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Oh, the places you'll go! (Brazil, India, and South Africa)

human interest




Oh, the places you'll go! (Brazil, India, and South Africa)

The chronicles of Duke students around the globe

Nelia Ekeji


While most students choose to have their study abroad experience in one city/country, juniors Talise Redmond and Ray Pryor IV pursued a more-encompassing experience. Both students participated in the International Honors Program, a multi-country abroad experience through the School for International Training. The theme of their program last semester? Cities in the 21st Century: People, Planning, and Politics, which is fitting, given that they were able to travel to multiple cities across three continents. The curriculum of the program was oriented around "innovated urban studies," and participants had the opportunity to study in São Paulo, Brazil; Cape Town, South Africa; and Ahmedabad, India. Both Talise and Ray spoke positively of the opportunities afforded to them through a program focused on providing students with a genuine narrative about the world around them.

Talise Redmond

Year: Class of 2019
Major(s), minor(s), and/or certificate(s): Economics major, Sociology minor, and Markets & Management certificate
Highlights of studying abroad: My program was pretty intense. We had class everyday from 9-5, but because of the theme of the program, it meant that we had a lot of site visits and faculty lectures. With these, we got to see a lot of real-life things first hand. So, becoming more globally aware, stepping outside of this bubble where a lot of people don’t think about what’s going on elsewhere, I think that helped me grow as a person. Also, on a lighter note, meeting new friends and going out in different countries and seeing things you wouldn’t usually see on a normal basis.

Difficulties of studying abroad: Something about my program is that it's 24 people traveling together all the time. So if you don’t get along with someone, it’s going to be a long semester. Also, language barriers, that was a little bit of a difficulty. It was mostly being outside of your comfort zone though. Trying to take safety precautions, but also explore.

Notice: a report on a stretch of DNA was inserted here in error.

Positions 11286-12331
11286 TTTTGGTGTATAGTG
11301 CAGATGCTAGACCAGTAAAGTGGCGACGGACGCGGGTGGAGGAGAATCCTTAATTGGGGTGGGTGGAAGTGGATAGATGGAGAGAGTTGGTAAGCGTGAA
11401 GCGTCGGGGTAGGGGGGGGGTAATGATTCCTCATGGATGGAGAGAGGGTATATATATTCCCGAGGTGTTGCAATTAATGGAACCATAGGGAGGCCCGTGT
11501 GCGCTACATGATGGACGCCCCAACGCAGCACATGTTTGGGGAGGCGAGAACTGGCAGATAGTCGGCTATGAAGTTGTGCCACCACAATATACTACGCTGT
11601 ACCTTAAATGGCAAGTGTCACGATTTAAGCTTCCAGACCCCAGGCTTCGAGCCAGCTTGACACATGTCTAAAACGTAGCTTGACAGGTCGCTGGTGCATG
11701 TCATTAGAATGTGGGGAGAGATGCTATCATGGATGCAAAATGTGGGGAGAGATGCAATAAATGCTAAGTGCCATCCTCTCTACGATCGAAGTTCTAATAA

Biggest cultural differences between the U.S. and where you studied abroad: For the U.S. and Brazil, probably the biggest thing was the language barrier. Everyone spoke Portuguese, and almost no one spoke English. Also, they stay out all night every night in São Paulo specifically. Also, with race, it’s viewed differently there than the US. For example, if you’re darker than a certain skin tone, you’re black; it isn’t like here where we mean African-American, Caribbean, etc. South Africa, let’s there we had two homestays. My first was with an Arabic Muslim family and then with one Black family. There are also a lot of language differences -- I was in Cape Town, and then we stayed in Johannesburg for a week. So the languages were different, and also the food was different in each homestay. And the levels of poverty, the contrasts, were so much more noticeable there than here. And they’re still so heavily segregated after apartheid. India was definitely the biggest culture shock: language and food. Also, I was in Ahmedabad, and just walking outside and seeing so many people riding motorcycles, animals in the streets, all the noise. And race there, well being black at least, was a shock to a lot of people. Whenever I went outside, people were always staring at me. People would ask to take pictures of me and stuff, and the segregation I saw there was based on religion, like Hinduism and Islam.